Appendix, Repudiation of the Innovators of Najd]
The hadith “Whoever visits my grave, my
intercession will be guaranteed for him” (Man zâra
qabrî wajabat lahu shafâ‘atî) is a fair (hasan) narration as concluded by Imam
Abu al-Hasanat al-Lacknawi and his
student ‘Abd al-Fattah Abu Ghudda in the latter’s notes
on Imam Malik’s Muwatta’ according to Muhammad
ibn al-Hasan’s narration (chapter 49: On the Prophet’s
– Allah bless and greet him – grave) as well as Shaykh
although some early scholars had declared it sound (sahîh)
such as Ibn al-Sakan in al-Sunan al-Sihah and ‘Abd
al-Haqq al-Ishbili in al-Ahkam, followed by Shaykh
al-Islam al-Taqi al-Subki in Shifa’ al-Siqam in
view of the totality of the chains. Other hadith scholars who considered it authentic are
Ibn Hajar’s student the hadith master al-Sakhawi, the hadith master of Madina al-Samhudi, and Shaykh al-Islam al-Haytami in al-Jawhar
al-Munazzam. Al-Ghassani (d. 682) did not include it in his
compendium of al-Daraqutni’s weak narrations entitled Takhrij
al-Ahadith al-Di‘af min Sunan al-Daraqutni. Some late scholars, beginning with Ibn
Al-Lacknawi said about this hadith:
There are some who declared it weak [e.g. al-Bayhaqi, Ibn
Khuzayma, and al-Suyuti], and others who asserted that all the
hadiths on visitation of the Prophet – Allah bless and greet
him – are forged, such as Ibn Taymiyya and his followers,
but both positions are false for those who were given right
understanding, for verification of the case dictates that the
hadith is hasan, as Taqi al-Din al-Subki has expounded in
his book Shifa’ al-Siqam fi Ziyara Khayr al-Anam.”
Among those who fall into the category of “Ibn Taymiyya and
his followers” on this issue:
Ibn ‘Abd al-Hadi who wrote al-Sarim al-Munki fi
al-Radd ‘ala al-Subki in violent refutation of
al-Subki’s book on visitation but contradicted his own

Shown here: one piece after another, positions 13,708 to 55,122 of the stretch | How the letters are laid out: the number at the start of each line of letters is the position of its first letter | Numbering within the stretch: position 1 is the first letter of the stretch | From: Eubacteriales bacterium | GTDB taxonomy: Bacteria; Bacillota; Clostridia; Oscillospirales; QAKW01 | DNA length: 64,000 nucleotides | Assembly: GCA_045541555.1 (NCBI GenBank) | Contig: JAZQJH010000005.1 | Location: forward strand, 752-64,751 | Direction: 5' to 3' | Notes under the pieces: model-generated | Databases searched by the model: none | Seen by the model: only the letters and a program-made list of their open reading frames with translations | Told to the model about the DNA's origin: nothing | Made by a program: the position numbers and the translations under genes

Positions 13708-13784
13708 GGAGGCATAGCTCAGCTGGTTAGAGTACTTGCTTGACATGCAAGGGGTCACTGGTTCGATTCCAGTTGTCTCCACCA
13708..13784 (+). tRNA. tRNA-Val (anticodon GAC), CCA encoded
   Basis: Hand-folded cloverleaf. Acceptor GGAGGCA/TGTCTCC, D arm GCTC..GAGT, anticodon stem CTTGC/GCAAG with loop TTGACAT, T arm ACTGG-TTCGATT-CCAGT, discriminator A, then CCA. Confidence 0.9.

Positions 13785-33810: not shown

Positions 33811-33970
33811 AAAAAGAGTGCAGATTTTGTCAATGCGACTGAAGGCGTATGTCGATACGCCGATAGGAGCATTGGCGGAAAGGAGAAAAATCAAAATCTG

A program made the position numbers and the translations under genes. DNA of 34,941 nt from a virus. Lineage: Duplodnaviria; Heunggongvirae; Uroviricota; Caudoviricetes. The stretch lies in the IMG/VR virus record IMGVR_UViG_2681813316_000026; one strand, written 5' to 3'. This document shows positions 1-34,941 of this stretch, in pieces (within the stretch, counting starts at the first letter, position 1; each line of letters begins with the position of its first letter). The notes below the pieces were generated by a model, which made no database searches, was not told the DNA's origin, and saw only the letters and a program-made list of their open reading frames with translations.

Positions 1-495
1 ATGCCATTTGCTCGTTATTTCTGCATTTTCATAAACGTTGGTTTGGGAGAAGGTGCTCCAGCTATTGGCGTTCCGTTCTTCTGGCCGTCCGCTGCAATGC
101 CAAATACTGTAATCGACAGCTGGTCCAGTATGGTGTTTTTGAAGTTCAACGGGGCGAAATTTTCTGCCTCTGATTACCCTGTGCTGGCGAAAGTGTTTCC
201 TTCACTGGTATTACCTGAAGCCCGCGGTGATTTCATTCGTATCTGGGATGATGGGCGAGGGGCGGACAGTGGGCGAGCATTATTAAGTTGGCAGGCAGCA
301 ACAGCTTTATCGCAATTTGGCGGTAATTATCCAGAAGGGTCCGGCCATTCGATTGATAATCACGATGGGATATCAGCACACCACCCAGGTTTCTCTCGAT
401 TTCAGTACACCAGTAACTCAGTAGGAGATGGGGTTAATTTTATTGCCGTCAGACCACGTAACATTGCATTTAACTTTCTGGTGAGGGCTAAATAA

position in another book of his.> Shaykh
Mahmud Mamduh refuted his weakening of this hadith in great
stated that al-Sarim al-Munki is at the root of all
subsequent generalizations in weakening the hadiths that concern
the desirability of visitation.
the late Wahhabi shaykh ‘Abd al-‘Aziz Bin Baz
who reiterated Ibn Taymiyya’s imprudent verdict: “The
hadiths that concern the visitation of the grave of the Prophet
– Allah bless and greet him – are all weak, indeed
and Nasir al-Jadya‘, who in 1993 obtained his Ph.D.
with First Honors from the University of Muhammad ibn Sa‘ud
after writing a 600-page book entitled al-Tabarruk in
which he perpetuates the same aberrant claim.
The emphasis and
encouragement on visiting his noble grave is mentioned in
numerous hadiths, and it would suffice to show this if there was
only the hadith whereby the truthful and God-confirmed Prophet
promises that his intercession among other things becomes
guaranteed for whoever visits him, and the Imams are in complete
agreement from the time directly after his passing until our own
time that this [i.e. visiting him] is among the best acts
of drawing near to Allah.
There is no contest among the jurists of the Four Schools as to
the probative force of the narration of Ibn ‘Umar, as it is
adduced time and again by the jurists to support the strong
desirability of visiting the Prophet – Allah bless and greet
him – in Madina. See, for example, among Hanbali sources
Qudama’s al-Mughni (3:297)
Muflih’s al-Mubdi‘ fi Sharh al-Muqni‘
Al-Buhuti’s Kashshaf al-Qanna‘ (2:515; 5:36)
Dawyan’s Manar al-Sabil (1:256).
See also the
additional sound texts illustrating the visit to the Prophet
– Allah bless and greet him –, among them that of the
Companion Bilal ibn Rabah al-Habashi – Allah be well-pleased
with him – all the way from Shâm, as well as the
Companions’ practice of seeking the Prophet – Allah
bless and greet him – as a means for their needs by visiting
his grave, such as Bilal ibn al-Harith al-Muzani, Abu Ayyub
al-Ansari, and ‘A’isha – Allah be well-pleased
with them – all as cited in the sections on Tawassul
and Visitation in Shaykh Hisham Kabbani’s Encyclopedia of